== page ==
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P&C Agencies Face Fundamental Model Shift

by Precise Leads

June 27, 2017

Can “hard” market agencies continue to thrive in an extended soft market cycle?

In Burand & Associates’ latest white paper, founder and owner Chris Burand argues that so-called “hard” P&C agencies may soon be forced to radically alter their business model. The 13-year-long soft cycle, the longest charted since 1900, shows no signs of reversing any time soon. “Net premiums written (NPW) growth has not exceeded 4.4% once in that time,” Burand says. “Looking forward, growth is not likely to accelerate. Growth is likely to decrease even further. This long and deep soft market has far-reaching impacts.”

To thrive in this extended soft market, hard market agencies must emphasize something these outfits have traditionally failed to do well — proactively expand sales, Burand says. Revving up sales offers a way for hard market agencies to compete and grow in a soft market cycle.

Soft Market vs. Hard Market

In the not-so-distant past, the P&C insurance market typically shuttled between soft and hard markets. Each cycle exhibited vastly different characteristics: soft market agencies offered lower premiums and relaxed underwriting standards, which enabled them to grow and outpace hard market agencies during a soft market.

Hard market agencies, meanwhile, followed the opposite path, sticking to more stringent underwriting standards and charging above-market prices. During tougher times, when the industry registers a greater number of insolvencies and downgrades, hard market agencies kept their accounts — at higher premiums — because they worked with carriers still able to underwrite in a hard market. That meant hard market agencies weren’t forced to compete for clients; clients came to them.

“[Hard market agencies] generally also made much more contingency money because hard market agencies tended to be better upfront underwriters,” Burand explains.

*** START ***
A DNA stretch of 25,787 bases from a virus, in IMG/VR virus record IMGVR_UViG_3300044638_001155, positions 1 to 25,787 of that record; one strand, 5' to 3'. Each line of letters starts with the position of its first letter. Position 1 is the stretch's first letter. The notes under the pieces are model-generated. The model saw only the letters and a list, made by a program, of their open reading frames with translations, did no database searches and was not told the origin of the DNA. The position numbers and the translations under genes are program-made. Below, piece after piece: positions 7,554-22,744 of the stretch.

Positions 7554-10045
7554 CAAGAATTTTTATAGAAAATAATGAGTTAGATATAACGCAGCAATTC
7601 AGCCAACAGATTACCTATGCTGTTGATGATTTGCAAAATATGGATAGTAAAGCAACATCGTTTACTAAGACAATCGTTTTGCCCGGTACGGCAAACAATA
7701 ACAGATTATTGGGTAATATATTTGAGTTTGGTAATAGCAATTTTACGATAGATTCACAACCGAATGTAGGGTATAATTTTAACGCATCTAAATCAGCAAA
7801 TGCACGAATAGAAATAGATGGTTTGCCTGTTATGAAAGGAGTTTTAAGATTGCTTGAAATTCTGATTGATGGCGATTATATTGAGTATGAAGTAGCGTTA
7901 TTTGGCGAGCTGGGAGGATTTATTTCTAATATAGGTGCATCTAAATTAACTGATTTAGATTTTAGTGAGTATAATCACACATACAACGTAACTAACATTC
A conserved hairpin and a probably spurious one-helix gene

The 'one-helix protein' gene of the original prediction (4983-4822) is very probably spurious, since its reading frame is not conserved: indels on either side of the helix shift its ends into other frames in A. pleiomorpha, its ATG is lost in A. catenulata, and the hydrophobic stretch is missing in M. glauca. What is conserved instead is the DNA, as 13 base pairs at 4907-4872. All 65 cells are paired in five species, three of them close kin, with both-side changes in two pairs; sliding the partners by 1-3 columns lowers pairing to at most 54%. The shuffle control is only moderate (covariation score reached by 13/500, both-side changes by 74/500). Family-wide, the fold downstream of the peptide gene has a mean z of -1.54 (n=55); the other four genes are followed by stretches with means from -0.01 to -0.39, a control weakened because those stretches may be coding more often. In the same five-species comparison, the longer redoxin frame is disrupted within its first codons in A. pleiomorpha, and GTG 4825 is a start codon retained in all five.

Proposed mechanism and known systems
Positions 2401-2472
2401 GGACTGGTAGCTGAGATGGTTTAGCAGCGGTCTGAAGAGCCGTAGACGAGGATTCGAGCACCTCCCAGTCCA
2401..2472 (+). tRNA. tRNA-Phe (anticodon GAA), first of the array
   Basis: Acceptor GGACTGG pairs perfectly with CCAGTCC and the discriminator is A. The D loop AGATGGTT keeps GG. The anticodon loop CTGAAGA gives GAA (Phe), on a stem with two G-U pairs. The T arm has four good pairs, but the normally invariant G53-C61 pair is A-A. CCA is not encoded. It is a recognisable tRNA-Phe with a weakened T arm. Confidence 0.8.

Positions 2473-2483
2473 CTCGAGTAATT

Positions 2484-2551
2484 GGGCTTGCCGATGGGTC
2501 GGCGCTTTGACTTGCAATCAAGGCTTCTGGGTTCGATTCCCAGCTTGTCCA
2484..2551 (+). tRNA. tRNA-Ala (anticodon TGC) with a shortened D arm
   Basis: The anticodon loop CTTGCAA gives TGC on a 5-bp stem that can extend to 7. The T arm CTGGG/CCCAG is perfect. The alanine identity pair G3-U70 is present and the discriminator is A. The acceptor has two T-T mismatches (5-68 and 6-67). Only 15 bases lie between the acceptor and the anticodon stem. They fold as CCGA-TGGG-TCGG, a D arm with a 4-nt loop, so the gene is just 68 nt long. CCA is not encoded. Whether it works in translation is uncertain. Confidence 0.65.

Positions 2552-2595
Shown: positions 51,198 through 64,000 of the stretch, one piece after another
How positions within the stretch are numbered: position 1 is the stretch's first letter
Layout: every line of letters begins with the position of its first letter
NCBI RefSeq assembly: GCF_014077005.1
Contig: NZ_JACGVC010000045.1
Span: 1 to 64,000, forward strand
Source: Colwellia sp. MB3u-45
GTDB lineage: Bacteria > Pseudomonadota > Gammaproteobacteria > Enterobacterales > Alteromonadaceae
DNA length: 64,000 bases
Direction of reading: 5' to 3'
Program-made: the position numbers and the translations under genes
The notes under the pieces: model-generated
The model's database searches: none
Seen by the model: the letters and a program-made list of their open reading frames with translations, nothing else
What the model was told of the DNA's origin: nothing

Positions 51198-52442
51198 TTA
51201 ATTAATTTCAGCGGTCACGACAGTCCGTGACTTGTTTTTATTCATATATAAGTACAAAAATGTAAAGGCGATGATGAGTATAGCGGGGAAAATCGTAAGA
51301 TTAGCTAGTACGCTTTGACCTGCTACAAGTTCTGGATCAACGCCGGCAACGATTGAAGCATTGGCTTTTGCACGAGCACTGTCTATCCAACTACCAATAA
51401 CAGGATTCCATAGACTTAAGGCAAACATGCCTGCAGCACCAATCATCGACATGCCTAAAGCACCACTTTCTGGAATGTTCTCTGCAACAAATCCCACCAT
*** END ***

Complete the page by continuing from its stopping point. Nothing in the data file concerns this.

Inevitably, a soft market swings to a hard market partly due to soft market agencies’ overly lax underwriting. Huge underwriting losses due to catastrophic events or an extended economic slump with low interest rates also shift a market from soft to hard. This leads to a “hard” correction that is ultimately reflected in higher rates and less coverage written.

A Soft Market Forever?

But several factors have interrupted the soft-market-then-hard market historical pattern. Typically, a soft market morphed into a hard market when industry profits and surpluses dipped. Yet, as Burand points out, carriers have racked up profits every year since 2002, with the average profit during the past 20 years reaching $37 billion on both pretax and net income basis.

At the same time, insurers amassed a record-high surplus level in 2016. “With so much surplus, and so much profit, the probability of the market remaining soft, even getting more soft, is far higher than the probability of it turning hard,” Burand predicts.

Burand further cites new predictive modeling and behavioral pricing formulas that, in essence, negate the upfront underwriting and data agencies once provided to the carrier. This puts agencies at disadvantage, particularly hard market ones.

Technology, too, plays a role in this fundamental shift in the insurance market. Water leak sensors, worker safety wearables, and auto telematics significantly reduce claims and boost insurers’ bottom lines. “The issue is, when claims decrease, premiums eventually decrease, [yet] companies need growth,” Burand says.

For hard market agencies not accustomed to pushing sales and aggressively sourcing new clients, growing in an extended soft market presents a unique challenge. “They have to reinvent themselves,” Burand says. “If an agency cannot generate material organic growth, it probably will not survive.” Now will be a time for these agencies to seek out new methods of drawing in new business, or risk succumbing to unpredictable market forces.

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